Crimes of Passion: The Regulation of Interracial Sex in Washington, 1855-1950

37 Pages Posted: 9 Mar 2012 Last revised: 13 Jun 2012

See all articles by Jason Gillmer

Jason Gillmer

Gonzaga University - School of Law

Date Written: December 1, 2011

Abstract

This Article explores the regulation of interracial sex and marriage in the state of Washington from its time as a territory through the first half of the twentieth century. Drawing on local records rather than canonical cases, the Article's main thesis is that, although the criminal bans on the practice were short-lived, Washingtonians used legal mechanisms to discourage and penalize interracial families in much the same way. The result of these efforts may not have been prison time; but, lawyers and judges regularly used the law to ensure that wealth and property remained in the hands of whites rather than racial minorities. In doing so, the legal system became an effective deterrent to interracial relationships, perpetuating existing notions of race that privileged whiteness over other racial groups.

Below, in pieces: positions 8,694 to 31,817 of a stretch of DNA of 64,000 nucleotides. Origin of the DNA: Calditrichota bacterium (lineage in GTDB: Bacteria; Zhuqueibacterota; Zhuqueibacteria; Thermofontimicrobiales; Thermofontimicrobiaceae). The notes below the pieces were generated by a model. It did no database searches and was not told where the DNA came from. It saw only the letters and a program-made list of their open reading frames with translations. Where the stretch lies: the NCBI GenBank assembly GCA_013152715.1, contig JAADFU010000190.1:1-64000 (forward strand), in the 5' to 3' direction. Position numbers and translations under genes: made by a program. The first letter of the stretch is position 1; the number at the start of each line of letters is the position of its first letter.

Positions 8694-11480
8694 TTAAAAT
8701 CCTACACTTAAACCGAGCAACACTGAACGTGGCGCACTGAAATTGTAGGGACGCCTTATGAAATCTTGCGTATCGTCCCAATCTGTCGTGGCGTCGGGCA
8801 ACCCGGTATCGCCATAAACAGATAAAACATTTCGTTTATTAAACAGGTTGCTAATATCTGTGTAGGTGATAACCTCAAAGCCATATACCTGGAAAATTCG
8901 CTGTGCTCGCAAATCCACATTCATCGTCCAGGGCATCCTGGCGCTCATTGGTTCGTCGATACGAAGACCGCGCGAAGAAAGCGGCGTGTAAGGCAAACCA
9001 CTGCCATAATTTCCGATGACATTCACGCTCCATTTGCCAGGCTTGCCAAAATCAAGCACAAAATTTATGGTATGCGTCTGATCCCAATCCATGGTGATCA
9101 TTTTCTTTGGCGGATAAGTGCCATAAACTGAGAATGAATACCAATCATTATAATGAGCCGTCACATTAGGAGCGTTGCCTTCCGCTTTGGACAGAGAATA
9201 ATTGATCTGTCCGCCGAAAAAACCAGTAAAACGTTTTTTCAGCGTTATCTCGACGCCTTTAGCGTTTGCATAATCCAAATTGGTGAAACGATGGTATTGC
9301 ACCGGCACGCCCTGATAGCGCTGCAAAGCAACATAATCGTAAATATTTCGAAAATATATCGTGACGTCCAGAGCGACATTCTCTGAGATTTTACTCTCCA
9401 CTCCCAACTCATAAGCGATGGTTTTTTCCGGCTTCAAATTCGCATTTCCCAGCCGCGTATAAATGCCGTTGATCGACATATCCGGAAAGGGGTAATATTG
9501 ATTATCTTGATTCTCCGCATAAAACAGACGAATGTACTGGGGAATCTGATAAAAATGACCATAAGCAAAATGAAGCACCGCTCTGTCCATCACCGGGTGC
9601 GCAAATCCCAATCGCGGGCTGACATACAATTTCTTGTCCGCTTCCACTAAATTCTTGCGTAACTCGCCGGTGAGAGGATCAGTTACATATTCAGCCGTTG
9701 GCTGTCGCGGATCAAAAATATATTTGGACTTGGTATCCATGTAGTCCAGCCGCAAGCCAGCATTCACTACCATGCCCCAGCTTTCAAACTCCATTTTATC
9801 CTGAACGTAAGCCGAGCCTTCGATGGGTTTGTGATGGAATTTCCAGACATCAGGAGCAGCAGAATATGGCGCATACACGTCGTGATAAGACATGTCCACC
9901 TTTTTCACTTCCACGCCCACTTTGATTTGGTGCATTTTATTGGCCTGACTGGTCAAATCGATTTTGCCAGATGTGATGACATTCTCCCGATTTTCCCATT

Keywords: race, interracial, legal history

Suggested Citation

Gillmer, Jason, Crimes of Passion: The Regulation of Interracial Sex in Washington, 1855-1950 (December 1, 2011). Gonzaga Law Review, Vol. 47, No. 2, p. 393, 2012; Gonzaga University School of Law Research Paper No. 2012-1. Available at SSRN: https://ssrn.com/abstract=1802569

Jason Gillmer (Contact Author)

Gonzaga University - School of Law ( email )

721 N. Cincinnati Street
Spokane, WA 99220-3528
United States

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